A skilled staff officer, Clark rose quickly through the ranks, and by the time America entered the war he was deputy commander of Allied Forces in North Africa. Several weeks before Operation Torch, Clark landed by submarine in a daring mission to negotiate the cooperation of the Vichy French. He was subsequently named commander of U.S. Fifth Army and tasked with the invasion of Italy.
Fifth Army and Mark Clark are virtually synonymous. From the September 1943 landing at Salerno, Clark and his army fought their way north against skilled German resistance, augmented by mountainous terrain. The daring January 1944 end-run at Anzio, although not immediately successful, set the stage for Fifth Army?s liberation of Rome on 4 June 1944, after ten months of hard fighting. The war in Italy was not over, but the taking of Rome intact was a tremendous achievement. Pitted against one of Hitler?s most able commanders, Field Marshal Albert Kesselring, Fifth Army spent another ten months in ferocious combat from the Gothic Line to the Po Valley, as Clark moved up to head all Allied ground forces in Italy as commander of 15th Army Group.
The brutal Italian Campaign has been long overshadowed by D-Day and the campaign across France and into Germany. Likewise, the senior U.S. commander in Italy has been largely overlooked when one thinks of the great captains of the war. The author, Mikolashek remedies this situation, shedding much needed historical light on one of America?s most important fighting generals in this ?warts and all? biography. It also demonstrates the importance of the Italian Campaign, paying tribute to the valorous soldiers of U.S. Fifth Army and their Allied comrades.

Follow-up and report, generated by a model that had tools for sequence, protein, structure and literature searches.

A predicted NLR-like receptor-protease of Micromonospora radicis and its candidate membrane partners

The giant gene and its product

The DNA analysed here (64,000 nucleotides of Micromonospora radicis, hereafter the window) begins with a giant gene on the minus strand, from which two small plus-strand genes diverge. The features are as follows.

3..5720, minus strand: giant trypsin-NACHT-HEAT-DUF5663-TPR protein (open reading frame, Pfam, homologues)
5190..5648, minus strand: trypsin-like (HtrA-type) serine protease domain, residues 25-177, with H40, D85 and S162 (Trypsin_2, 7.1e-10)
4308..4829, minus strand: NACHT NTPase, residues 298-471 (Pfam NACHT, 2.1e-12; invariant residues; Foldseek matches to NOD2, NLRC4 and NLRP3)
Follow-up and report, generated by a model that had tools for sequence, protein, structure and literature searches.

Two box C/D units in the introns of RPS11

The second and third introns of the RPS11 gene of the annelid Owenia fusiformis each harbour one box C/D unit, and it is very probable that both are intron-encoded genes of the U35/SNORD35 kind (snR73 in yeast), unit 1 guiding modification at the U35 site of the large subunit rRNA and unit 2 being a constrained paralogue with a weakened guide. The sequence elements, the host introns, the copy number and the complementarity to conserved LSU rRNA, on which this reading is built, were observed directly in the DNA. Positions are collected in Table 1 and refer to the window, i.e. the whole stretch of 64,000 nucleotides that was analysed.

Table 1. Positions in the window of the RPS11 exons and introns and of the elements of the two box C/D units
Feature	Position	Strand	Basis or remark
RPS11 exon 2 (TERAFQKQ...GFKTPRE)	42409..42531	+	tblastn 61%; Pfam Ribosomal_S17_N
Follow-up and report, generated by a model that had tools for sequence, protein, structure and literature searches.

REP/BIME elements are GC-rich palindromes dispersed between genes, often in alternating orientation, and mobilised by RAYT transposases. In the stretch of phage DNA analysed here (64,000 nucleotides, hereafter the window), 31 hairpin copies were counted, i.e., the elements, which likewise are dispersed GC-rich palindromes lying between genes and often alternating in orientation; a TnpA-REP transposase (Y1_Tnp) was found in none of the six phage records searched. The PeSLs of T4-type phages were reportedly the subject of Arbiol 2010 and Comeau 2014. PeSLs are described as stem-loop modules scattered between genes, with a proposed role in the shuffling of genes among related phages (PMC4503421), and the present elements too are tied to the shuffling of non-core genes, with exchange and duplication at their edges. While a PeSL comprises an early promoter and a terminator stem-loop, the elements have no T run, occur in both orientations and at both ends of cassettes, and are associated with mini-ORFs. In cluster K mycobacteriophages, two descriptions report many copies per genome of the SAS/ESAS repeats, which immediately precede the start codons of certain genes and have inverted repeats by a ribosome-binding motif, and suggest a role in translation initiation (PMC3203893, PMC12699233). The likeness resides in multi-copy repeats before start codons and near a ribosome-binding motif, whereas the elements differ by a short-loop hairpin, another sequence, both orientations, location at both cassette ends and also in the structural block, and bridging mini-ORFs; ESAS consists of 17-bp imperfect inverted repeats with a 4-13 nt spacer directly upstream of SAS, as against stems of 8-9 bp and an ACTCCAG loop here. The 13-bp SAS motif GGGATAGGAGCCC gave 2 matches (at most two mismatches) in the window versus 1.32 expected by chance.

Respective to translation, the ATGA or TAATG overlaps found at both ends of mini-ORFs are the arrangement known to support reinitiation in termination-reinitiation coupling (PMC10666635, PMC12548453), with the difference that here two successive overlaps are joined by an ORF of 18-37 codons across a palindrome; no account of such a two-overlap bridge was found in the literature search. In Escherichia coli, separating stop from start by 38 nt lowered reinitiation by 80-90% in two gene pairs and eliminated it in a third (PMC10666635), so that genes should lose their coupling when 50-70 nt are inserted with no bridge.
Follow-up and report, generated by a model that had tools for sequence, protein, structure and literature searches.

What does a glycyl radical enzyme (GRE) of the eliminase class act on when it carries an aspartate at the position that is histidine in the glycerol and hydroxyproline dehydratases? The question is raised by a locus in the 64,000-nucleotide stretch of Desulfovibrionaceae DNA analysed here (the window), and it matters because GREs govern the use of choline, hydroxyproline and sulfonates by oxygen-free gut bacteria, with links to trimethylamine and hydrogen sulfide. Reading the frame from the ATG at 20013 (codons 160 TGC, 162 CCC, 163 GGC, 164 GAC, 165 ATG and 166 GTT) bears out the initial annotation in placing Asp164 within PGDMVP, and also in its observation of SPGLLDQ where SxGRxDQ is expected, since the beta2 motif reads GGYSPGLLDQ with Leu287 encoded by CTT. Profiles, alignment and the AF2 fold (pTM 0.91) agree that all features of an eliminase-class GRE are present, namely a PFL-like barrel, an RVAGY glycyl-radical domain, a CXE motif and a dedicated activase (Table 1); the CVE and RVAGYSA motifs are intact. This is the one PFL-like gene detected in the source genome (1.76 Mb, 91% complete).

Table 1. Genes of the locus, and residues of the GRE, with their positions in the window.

Jon Mikolashek is a history professor at the U.S Army Command and General Staff College branch at Ft. Belvoir, VA, and also teaches history at American Military University.
He was known as “the G.I. General”— humble, self-effacing, hard-working, reflecting the small-town virtues of the America whose uniform he wore. But those very virtues have led historians to neglect General Omar Bradley—until now. Bestselling author Jim DeFelice, in this, the first-ever in-depth biography of America’s last five-star general, tells Bradley’s full story, and argues that the neglected G.I. General did more than any other to defeat Hitler in World War II.
While General George S. Patton has garnered much of the glory, General Dwight David Eisenhower has claimed much of the world’s respect, and British General Bernard Montgomery has kept the Union Jack flying, as DeFelice proves, it was the unassuming Bradley who actually developed the strategy and the tactics that won the war in Europe. Meticulously researched, using previously untapped documents and unpublished diaries and notes, Omar Bradley: General at War reveals:
Why Bradley, not Patton, deserves most of the credit for America’s victories in North Africa
How Bradley—first Patton’s subordinate, then his superior—was one of Patton’s great defenders, while also recognizing his weaknesses, and tried to cover up the infamous slapping incident
How Eisenhower panicked—when Bradley didn’t—during the early stages of the Battle of the Bulge, delaying an American counterattack that could have saved thousands of lives
Why Bradley was a radical innovator in the use of combined air, armor, and infantry power
How Bradley, contrary to those who like to portray him as a staid counterpart to Patton, was one of the most ardent practitioners of fast-moving offensives
Why Bradley expected the Germans might use radiological weapons at Normandy
Provocative, thorough, original, Jim DeFelice’s Omar Bradley: General at War deserves a place on the shelf of every reader of World War II history.